What does James Bond’s submarine car, the first Superman comic, and a 1966 Shelby Mustang in mint condition all have in common? These items and other valuables like them have contributed to the mass appeal of reality TV shows like Storage Wars. Each of these items have been left in storage units only to be bought as abandoned treasures. Each of them with a story, and each of them, having great value.
One of those treasures was found not long ago at our StorageMart in Lexington, Kentucky. The cremated remains of United States Air Force veteran, Frank Solis were abandoned in a unit whose contents were being sold.
StorageMart manager, Rondia Daniels was alerted by the auctioneer that an urn and a photo had been found amongst the items. Seeing that the photo displayed a man in uniform, Daniels began a search to identify the hero and reached out to the local VFW (Veterans of Foreign Wars) who put her in contact with Fayette County Coroner, Gary Ginn.
A Wandering Path Home
Ginn took a personal interest in the case and dedicated a lot of time to connecting the dots figuring out who this hero was. His office confirmed the cremains were that of Solis and that he was born on June 5, 1929 in Mercedes, Texas and died on August 4, 2012 in Fayette County.
Ginn then began a search for Frank’s family. After several leads and little to show for it, he even reached out to local media to see if they could aide in the search. Ginn was finally able to locate distant family out of state who approved of, but could not attend a formal military burial. Ginn said he had become close to the case and felt compelled to hold a ceremony for Solis. After a few phone calls and addressing necessary logistics, Solis was appropriately laid to rest at Camp Nelson National Cemetery with full military honors on June 14 (Flag Day).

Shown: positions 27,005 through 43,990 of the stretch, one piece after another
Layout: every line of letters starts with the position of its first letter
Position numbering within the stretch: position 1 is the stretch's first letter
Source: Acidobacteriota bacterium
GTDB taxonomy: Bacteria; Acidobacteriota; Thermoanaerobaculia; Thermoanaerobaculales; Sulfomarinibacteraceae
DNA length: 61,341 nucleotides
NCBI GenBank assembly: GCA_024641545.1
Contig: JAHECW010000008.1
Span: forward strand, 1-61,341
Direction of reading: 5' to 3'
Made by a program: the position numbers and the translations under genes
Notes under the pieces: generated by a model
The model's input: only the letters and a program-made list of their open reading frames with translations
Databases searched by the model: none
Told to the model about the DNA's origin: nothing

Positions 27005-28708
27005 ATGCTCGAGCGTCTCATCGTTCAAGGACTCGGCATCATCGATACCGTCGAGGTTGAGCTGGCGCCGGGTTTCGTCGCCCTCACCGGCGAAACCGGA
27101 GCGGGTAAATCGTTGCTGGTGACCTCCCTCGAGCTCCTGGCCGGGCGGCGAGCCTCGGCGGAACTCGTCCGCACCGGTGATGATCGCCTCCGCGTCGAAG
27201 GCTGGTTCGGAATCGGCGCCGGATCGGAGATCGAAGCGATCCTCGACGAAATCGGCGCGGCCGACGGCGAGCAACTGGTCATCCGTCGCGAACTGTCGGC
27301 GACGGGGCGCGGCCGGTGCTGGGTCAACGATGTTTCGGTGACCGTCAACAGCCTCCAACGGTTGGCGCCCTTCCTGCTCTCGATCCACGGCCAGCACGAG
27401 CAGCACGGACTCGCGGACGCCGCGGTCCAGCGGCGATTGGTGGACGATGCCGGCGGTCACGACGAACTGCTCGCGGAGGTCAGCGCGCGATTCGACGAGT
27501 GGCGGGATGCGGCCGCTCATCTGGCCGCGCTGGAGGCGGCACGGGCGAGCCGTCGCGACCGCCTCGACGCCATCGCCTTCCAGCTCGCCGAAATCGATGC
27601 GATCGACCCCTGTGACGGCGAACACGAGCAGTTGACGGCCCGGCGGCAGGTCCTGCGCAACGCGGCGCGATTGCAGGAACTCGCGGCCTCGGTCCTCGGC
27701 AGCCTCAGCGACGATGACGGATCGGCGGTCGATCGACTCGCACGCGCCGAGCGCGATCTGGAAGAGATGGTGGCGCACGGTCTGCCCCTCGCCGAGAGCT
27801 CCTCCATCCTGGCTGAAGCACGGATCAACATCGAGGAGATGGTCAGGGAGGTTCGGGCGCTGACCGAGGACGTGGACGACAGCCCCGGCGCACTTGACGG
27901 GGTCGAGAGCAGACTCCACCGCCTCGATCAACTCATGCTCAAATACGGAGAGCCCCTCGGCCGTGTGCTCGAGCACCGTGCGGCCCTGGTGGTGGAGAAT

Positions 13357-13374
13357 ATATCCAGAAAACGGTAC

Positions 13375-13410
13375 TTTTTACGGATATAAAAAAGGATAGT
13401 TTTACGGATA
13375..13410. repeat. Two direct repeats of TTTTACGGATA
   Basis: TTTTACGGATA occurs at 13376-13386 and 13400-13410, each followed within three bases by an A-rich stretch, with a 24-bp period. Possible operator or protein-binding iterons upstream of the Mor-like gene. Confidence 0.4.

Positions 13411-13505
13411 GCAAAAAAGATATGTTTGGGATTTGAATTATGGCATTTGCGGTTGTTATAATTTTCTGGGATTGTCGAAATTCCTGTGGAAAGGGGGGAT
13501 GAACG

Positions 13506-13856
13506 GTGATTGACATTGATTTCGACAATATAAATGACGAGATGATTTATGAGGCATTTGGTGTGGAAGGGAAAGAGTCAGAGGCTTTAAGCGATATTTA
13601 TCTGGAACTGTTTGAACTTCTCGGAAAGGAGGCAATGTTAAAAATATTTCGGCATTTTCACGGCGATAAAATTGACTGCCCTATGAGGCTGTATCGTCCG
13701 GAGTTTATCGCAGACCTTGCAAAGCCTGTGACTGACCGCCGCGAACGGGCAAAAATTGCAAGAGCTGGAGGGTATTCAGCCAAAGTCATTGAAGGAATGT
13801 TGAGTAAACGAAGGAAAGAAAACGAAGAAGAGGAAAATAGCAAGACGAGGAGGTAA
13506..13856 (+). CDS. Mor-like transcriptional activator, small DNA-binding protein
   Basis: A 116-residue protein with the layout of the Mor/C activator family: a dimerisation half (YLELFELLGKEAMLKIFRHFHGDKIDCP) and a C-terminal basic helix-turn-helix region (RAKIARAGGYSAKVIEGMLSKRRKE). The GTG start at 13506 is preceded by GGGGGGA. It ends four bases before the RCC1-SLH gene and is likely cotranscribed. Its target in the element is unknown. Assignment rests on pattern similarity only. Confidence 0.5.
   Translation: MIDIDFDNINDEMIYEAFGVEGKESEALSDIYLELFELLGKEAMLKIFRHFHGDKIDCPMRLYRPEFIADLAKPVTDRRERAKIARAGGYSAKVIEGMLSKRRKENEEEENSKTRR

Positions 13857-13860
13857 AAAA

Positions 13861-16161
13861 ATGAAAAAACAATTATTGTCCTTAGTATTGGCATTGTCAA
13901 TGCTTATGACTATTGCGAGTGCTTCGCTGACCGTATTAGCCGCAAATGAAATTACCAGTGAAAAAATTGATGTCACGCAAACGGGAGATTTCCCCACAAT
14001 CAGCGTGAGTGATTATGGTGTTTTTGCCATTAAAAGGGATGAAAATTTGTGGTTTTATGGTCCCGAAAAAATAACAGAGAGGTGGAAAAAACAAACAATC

“It was so beautiful,” Daniels shared of the ceremony. “There were flags everywhere, a local florist donated flowers and there was a gun salute. I was just so happy to see it all come together, yet, so humbled at the same time.”
Some of Solis’ friends were at the ceremony as well. Jason Lial said it was nice to see his friend properly honored. “I could always tell he was proud. He always said he was a veteran.”
A Community Effort
There was a common thread in Daniels and Ginn’s answer to why they felt compelled to spend so much time on this and to organize a ceremony. “It’s simply the right thing to do. I would hope that everybody would do that.” Ginn said, “Morally, it’s the right thing to do and personally, it’s kind of ingrained in me through my family to do the right thing.”
StorageMart salutes the memory of United States Air Force veteran, Frank Solis and the fortitude of Fayette County Coroner, Gary Ginn, and StorageMart Manager, Rondia Daniels who promote the very basic concept of simply doing “the right thing.”
At StorageMart, we’re proud of folks like Rondia and Gary that best represent our charity resolve, “Store it Forward.”
If you’d like to donate to the VFW who make ceremonies like this possible at no charge for our veterans go to: www.heroes.vfw.org